December 15, 2017

1. Ian Brodie, Publisher

 

Thirty years ago, I was in the right place at the right time. The place was my house on Croydon Lane off Fernwood with a view of the Canyon for realtors to rhapsodize over. The time was when a few crisp pages of what appeared to be vellum arrived in my mailbox.

On closer inspection, this document revealed a few photos, some notes on local events, charming line drawings and a scant smattering of advertisements. It was, of course, an early issue from “the team that made it happen,” an effort that would become the Messenger, but was then such an infant it had no name.

I was entranced. Newspapers are in my blood. After I left school in England, I worked for three local papers. Then I was employed by three papers in Fleet Street and edited a national paper in Scotland. I lived for two years in the Soviet Union and for five years in Vietnam as a foreign correspondent.

With all this experience, I could see that the no-name paper was struggling. Sid Francis on Cheney Drive printed the thick “newsprint,” which was very costly. And all newspapers need a sensible modicum of advertising to survive

After enough thought to say “blink,” I ventured into the new paper’s cramped office in a trailer on Grand View and discovered that, as I suspected, the inspired and dedicated team had no money. So, in a wild act of enthusiasm, I offered to ensure the paper’s future by investing my savings of $10,000. My wife Bridget, along with other folk, thought I was crazy.

Not quite.

The paper’s founders did not meet my gesture with unanimous approval, understandably so.

I was a stranger—a foreigner! How were they to know I was legit, and that my gift did not require invasive equine dentistry? Even worse, I worked as West Coast correspondent for the Daily Telegraph, a staunchly Thatcherite, right-wing publication. Hmmm…something fishy here. This country was still in the turbulent wake of Watergate, and suspicion of conspiracy ran rife.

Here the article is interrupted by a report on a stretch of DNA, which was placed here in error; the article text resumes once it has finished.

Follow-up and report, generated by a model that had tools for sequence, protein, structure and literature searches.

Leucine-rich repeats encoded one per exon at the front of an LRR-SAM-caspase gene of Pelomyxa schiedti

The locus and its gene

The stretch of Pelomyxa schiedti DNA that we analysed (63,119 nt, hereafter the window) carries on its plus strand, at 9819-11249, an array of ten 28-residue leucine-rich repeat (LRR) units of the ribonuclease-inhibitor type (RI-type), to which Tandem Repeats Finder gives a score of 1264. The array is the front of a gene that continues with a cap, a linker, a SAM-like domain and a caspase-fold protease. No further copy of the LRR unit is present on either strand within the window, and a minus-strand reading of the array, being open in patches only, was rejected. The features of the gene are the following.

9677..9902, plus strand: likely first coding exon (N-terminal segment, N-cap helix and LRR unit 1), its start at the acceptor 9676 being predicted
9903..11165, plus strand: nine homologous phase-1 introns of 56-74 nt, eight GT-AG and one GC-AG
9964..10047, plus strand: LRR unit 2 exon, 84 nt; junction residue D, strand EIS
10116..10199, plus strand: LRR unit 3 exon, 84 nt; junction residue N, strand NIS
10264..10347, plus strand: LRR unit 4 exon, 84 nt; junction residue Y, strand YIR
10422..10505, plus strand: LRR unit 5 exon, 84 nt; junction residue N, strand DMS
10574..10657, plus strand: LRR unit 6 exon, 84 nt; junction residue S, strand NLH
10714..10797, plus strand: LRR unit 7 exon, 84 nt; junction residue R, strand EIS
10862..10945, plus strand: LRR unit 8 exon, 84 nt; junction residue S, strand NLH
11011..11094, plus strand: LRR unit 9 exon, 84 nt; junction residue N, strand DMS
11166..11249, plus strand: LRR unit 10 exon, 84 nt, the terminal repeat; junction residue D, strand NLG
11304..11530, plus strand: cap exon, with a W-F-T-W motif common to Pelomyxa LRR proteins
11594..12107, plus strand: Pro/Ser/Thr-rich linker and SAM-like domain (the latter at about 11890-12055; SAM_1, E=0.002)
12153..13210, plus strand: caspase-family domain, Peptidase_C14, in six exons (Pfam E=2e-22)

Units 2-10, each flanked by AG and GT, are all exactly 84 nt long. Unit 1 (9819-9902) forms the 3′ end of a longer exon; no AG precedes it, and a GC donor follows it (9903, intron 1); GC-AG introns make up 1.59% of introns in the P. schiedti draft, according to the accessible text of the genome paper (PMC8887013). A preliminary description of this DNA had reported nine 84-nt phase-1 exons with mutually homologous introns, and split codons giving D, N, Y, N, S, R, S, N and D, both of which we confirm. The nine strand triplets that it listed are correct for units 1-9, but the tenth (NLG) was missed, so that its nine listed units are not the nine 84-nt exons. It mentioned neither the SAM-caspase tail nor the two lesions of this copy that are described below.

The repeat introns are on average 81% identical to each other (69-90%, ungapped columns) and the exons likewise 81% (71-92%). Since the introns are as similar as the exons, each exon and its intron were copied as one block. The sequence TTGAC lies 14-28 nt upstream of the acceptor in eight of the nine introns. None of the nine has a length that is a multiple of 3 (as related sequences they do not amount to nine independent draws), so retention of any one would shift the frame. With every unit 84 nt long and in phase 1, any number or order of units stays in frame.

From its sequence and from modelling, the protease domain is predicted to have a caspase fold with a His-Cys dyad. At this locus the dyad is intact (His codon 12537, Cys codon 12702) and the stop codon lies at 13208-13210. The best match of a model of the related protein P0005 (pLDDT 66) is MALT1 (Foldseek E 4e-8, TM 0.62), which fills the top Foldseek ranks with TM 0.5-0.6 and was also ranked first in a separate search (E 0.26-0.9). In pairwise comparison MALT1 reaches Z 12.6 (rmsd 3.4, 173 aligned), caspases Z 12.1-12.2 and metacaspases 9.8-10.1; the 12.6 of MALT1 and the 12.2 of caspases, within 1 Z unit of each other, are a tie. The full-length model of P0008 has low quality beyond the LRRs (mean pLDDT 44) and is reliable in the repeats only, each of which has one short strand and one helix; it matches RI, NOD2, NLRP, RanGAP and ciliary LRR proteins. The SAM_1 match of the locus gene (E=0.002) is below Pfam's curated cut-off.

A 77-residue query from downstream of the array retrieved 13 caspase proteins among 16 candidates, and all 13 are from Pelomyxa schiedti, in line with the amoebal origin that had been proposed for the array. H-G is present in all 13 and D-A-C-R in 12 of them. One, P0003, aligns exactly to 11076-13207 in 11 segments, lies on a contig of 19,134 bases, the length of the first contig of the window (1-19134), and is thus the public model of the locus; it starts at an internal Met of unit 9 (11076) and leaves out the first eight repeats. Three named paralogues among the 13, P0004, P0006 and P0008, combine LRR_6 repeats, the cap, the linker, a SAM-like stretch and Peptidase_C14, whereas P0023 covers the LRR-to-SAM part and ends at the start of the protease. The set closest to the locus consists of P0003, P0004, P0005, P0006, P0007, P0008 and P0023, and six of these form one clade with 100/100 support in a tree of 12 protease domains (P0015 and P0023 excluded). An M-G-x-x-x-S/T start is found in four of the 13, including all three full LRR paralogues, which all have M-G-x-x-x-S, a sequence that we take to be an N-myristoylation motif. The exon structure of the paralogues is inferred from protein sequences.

Happily, the slaves on Grand View soon took me on trust, gave me the title of publisher and let me make suggestions, rather than issuing orders. The first thing I decided was to move from the minuscule office. It was depressing and could be bad for morale. I thought the paper needed a higher public profile, somewhere in the commercial center of Topanga where we could be seen by lots of passers-by. Happily, again, we found a space close to the Post Office, a few doors down from Joe Gerson’s Market. We have been there ever since, although Joe has gone—to Stowe, Vermont, I hear.

We had to do something about finding a name. Woodcraftsman Merrick Davidson, undisputed leader of the team, launched a name-your-newspaper contest. There were dozens of suggestions. My favorite was Coast and Canyon News, but this descriptive phrase had already been taken by a local realtor. Todd Haile, an artist, won agreement with his entry “the Messenger.” He also drew the Messenger logo boy who, to this day, strides on his lonely way in the title block at the top of page one. I can find only one other paper in America with Messenger in its title, so we are one of just two.